LGBTQ Rights Toolkit: Through the Toolkit, we respond to the acute and widespread need for direct services and resources for LGBTQ Southerners. Current programs include our digital toolkit, which provides information about concrete ways LGBTQ Southerners can protect their rights and access support; free Pop-Pp clinics that provide direct services and resources; and providing training, networking and funding to support front-line providers of culturally-competent direct services. Since launching, CSE has run more than 115 free LGBTQ legal and resource clinics across the South, serving more than 3,500 people.
The LGBT South newsletter: The LGBT South is a weekly email newsletter, compiling national, regional, and local news important to LGBT Southerners. Subscribe to get the latest edition sent to your inbox every Friday morning and keep up with what the Campaign for Southern Equality is up to!
Core Beliefs and Track Record:
We feel deeply hopeful about what’s possible in the South over the long term. We believe that LGBTQ Southerners possess the courage and resilience to be the architects of our liberation; that there is a moral mandate to respond to acute needs – often for legal and health services – in the lives of LGBTQ individuals and families; that our work is inextricably bound to the legacy, and future, of racial equity and economic justice movements in the South; and that every person – including those conflicted about or opposed to LGBTQ rights – can become an ally. All of CSE’s work is based upon empathic resistance, a new ethic which calls for 1) resisting persecuting systems by expressing the authentic self; and 2) approaching those who oppose your rights with empathy.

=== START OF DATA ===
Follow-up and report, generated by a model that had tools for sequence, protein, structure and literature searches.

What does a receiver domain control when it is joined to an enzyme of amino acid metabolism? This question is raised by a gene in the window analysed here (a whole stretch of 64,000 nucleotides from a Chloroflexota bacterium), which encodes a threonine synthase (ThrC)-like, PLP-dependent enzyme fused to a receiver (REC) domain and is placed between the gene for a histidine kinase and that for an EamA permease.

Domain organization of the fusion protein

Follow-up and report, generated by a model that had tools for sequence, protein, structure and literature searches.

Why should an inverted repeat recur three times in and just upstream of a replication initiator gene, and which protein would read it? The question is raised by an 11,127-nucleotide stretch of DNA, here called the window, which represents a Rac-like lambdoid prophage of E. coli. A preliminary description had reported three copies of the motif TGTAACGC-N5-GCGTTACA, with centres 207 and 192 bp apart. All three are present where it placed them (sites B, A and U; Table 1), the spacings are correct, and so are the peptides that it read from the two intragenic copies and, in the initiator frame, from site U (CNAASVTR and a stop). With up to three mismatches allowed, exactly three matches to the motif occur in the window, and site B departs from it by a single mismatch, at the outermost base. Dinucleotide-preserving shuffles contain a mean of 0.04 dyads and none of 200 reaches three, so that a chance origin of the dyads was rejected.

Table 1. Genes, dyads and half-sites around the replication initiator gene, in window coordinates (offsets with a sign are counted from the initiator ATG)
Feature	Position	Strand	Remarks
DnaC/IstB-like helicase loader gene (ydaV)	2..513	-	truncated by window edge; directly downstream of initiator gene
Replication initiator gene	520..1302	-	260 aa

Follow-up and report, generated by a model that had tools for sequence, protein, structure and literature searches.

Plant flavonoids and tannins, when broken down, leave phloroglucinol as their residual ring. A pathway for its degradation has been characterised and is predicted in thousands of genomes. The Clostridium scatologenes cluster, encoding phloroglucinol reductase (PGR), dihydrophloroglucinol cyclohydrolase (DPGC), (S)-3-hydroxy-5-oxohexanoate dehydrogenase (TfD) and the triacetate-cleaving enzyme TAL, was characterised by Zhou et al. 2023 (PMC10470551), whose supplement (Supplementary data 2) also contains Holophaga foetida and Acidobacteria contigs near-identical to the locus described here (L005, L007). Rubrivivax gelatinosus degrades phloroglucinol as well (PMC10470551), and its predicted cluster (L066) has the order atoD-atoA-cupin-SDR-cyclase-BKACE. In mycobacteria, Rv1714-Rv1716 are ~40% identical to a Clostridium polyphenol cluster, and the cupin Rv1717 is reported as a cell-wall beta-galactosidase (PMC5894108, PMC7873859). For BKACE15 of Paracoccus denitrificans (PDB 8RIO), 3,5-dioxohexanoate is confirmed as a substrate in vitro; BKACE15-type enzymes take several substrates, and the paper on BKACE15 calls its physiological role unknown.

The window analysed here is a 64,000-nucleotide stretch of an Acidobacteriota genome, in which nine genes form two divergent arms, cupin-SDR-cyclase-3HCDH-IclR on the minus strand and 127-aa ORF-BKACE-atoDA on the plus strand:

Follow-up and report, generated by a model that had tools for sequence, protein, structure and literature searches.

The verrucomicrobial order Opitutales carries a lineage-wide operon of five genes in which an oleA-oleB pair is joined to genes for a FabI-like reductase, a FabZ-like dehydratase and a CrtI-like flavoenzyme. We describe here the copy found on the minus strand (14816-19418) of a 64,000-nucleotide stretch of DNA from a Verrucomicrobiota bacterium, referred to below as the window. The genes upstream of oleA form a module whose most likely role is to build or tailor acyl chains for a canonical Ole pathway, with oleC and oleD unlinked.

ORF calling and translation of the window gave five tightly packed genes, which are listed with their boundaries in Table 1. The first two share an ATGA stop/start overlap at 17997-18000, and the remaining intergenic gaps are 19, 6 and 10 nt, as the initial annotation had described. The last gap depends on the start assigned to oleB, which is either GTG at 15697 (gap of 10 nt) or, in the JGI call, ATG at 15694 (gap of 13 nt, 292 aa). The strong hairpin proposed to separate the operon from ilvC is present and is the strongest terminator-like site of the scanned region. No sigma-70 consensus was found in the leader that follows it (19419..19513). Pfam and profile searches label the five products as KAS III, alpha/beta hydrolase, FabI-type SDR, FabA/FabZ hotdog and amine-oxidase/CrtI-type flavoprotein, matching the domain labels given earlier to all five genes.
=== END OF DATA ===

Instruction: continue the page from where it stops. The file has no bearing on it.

CSE was launched in 2011 after a 6-year planning period to work toward full LGBTQ equality in the South. From 2011 to 2015, CSE was on the frontlines of efforts to win marriage equality in the South using an innovative blend of direct action, public education and litigation. We led the WE DO Campaign, which involved LGBTQ couples requesting – and being denied – marriage licenses in their hometowns, from Wilson, NC, to Morristown, TN, to Poplarville, MS. More than 200 couples took action, with thousands of friends, family members and neighbors standing in support of them. We were honored to be part of the lawsuits that struck down marriage bans in North Carolina and Mississippi, as well as a lawsuit that struck down the adoption ban in Mississippi. During this period, we also offered more than 75 free legal clinics across the South, focused on topics such as health care power of attorney, name changes, family law and employment rights. Lessons learned during this first phase of our work have shaped our current efforts. Our work was covered by local Southern media, from The Wilson Times to The Hattiesburg American, and by national outlets including The New York Times, the Associated Press, and MSNBC, telling a new story about LGBTQ life in our region.